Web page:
By Michael Janda
Updated Fri 6 Sep 2013, 8:04pm AEST
They are called the “king of visas” by some migration agents, but Nguyen Dung’s 457 visa made him more pauper than prince.
“The [migration] agent told me that I could earn $50,000 per year, but actually it’s just $15 per hour,” he said.
Furthermore, Mr Nguyen was supposed to be employed full time, but instead was taken on as a casual.
The [migration] agent told me that I could earn $50,000 per year, but actually it’s just $15 per hour
Mr Nguyen’s pay was clearly below the minimum wage of more than $20 per hour for casuals, and it also breached a key 457 visa requirement that employees earn at least $53,000 a year – a requirement designed to prevent the visa being abused to bring in cheap labour for low skill jobs.
However, not only was Mr Nguyen underpaid, he was placed in a job that did not utilise the skills which made him eligible for a 457 visa in the first place.
“I have a certificate of chef, he [the migration agent] gave me a job in a restaurant, and so I thought I can work as a chef, but actually I was a kind of cleaner,” Mr Nguyen said.
After about five months of part-time cleaning, Mr Nguyen was finally got some time in the kitchen.
However, when he asked for his pay to go up, he was shown the door.
When I get visa, I pay $10,000 and then when I get the job I have to pay more $10,000. Finally, the agent said to me after I work two years in Australia I can get permanent [residency], then I have to pay more $10,000 again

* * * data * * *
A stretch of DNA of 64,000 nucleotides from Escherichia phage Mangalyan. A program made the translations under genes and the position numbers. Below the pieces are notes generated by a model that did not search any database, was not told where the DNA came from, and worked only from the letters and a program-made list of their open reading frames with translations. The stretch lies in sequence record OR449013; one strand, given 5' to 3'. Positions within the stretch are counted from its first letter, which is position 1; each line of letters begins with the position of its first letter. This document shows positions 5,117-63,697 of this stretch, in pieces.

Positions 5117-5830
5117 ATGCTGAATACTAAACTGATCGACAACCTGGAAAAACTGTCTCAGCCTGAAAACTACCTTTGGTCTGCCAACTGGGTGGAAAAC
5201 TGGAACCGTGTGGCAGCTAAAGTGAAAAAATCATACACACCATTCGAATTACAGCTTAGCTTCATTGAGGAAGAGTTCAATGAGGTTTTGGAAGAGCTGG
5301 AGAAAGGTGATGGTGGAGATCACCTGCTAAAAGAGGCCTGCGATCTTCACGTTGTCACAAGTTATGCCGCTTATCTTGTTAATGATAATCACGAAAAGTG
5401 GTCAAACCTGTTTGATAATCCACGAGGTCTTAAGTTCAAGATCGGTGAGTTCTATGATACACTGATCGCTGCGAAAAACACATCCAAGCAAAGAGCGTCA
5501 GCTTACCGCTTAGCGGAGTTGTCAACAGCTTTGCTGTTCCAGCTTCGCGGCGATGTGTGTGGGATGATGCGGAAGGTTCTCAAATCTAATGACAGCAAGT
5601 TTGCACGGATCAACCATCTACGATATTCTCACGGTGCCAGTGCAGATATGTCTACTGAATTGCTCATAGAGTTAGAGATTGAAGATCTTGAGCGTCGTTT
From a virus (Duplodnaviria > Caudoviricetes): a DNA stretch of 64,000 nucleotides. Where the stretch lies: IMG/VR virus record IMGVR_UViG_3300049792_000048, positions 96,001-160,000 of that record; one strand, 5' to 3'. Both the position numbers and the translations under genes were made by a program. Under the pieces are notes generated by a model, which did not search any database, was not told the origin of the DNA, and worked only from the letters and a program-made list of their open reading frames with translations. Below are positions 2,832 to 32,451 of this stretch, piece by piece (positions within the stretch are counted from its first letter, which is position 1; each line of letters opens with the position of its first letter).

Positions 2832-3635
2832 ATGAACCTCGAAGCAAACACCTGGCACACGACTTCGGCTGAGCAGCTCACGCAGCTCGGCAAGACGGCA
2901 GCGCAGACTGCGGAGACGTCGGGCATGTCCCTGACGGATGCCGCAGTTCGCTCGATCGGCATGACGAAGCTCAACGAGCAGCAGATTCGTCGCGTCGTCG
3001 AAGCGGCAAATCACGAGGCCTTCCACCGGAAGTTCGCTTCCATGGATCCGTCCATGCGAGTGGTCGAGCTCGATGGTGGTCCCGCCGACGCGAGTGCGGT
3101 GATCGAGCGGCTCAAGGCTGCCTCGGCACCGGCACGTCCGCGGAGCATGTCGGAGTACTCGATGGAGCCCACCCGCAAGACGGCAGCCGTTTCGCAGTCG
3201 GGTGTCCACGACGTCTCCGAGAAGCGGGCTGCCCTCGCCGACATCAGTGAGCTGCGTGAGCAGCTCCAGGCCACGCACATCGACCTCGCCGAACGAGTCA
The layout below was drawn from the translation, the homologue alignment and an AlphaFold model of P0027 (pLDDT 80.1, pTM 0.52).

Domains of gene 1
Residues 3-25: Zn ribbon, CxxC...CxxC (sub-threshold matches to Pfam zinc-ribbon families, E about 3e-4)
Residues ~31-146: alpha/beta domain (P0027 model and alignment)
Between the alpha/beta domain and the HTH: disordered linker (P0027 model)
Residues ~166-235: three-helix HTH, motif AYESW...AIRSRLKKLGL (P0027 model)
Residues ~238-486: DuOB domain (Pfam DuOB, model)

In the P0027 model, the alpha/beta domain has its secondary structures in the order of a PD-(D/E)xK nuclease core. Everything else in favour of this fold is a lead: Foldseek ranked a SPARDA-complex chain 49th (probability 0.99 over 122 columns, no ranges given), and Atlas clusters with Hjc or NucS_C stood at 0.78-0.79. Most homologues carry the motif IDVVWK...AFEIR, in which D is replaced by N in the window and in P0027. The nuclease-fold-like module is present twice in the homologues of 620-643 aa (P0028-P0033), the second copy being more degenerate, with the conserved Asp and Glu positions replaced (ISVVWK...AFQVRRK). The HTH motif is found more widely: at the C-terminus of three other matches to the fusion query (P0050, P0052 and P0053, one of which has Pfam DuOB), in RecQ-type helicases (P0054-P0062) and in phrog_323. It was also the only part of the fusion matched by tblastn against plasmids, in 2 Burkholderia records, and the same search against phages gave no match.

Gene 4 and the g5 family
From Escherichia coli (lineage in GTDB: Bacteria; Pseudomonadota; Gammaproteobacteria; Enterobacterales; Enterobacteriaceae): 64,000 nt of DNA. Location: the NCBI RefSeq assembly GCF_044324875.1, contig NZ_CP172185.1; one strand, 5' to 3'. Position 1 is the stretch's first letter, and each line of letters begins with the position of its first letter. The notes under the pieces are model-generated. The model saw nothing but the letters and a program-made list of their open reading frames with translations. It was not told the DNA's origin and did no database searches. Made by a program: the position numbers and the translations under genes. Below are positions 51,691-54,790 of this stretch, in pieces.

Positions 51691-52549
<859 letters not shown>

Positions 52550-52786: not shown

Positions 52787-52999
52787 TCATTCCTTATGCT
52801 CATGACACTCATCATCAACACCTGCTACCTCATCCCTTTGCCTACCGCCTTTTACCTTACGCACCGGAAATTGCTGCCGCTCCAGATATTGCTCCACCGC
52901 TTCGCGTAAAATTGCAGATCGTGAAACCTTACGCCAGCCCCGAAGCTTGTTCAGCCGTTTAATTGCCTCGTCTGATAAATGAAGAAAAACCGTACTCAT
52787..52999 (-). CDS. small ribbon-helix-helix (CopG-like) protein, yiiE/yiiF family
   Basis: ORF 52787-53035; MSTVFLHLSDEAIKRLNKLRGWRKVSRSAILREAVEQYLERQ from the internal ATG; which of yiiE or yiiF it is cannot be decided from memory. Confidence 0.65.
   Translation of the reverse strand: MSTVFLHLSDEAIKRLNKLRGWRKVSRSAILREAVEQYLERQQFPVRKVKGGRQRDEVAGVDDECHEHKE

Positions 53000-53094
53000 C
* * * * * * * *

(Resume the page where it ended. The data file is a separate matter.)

“In the interview in the restaurant, he said to me that at first I just earn $15 per hour, but when I learn many job and when I am skilled, I can ask for a pay rise, so I did that but they fired me,” he explained.
For all this, Mr Nguyen paid a premium to his migration agent.
“When I get visa, I pay $10,000 and then when I get the job I have to pay more $10,000. Finally, the agent said to me after I work two years in Australia I can get permanent [residency], then I have to pay more $10,000 again,” he said.
Mr Nguyen found his agent through ads on Vietnamese radio and in community newspapers in Sydney.
Research just published in The Economic and Labour Relations Review and examined by the ABC has found that foreign workers employed by other members of the same ethnic community are the most vulnerable to exploitation.
The research by Dr Selvaraj Velayutham involved interviews of around 40 457 visa holders from India over a three-year period.
The report is not a statistical study of 457 visa satisfaction, and noted that previous such studies had found more than 98 per cent of respondents were broadly satisfied with their experiences.
All [visa holders] we spoke to had the experience of ‘two contracts’ – one they signed in India prior to departure and an amended one presented to them upon arrival with far less favourable conditions
Researcher Dr Selvaraj Velayutham
However, it also observed that many of these surveys were distributed through employers or the post, and may miss some of the vulnerable workers with poor English skills that were most at risk of exploitation.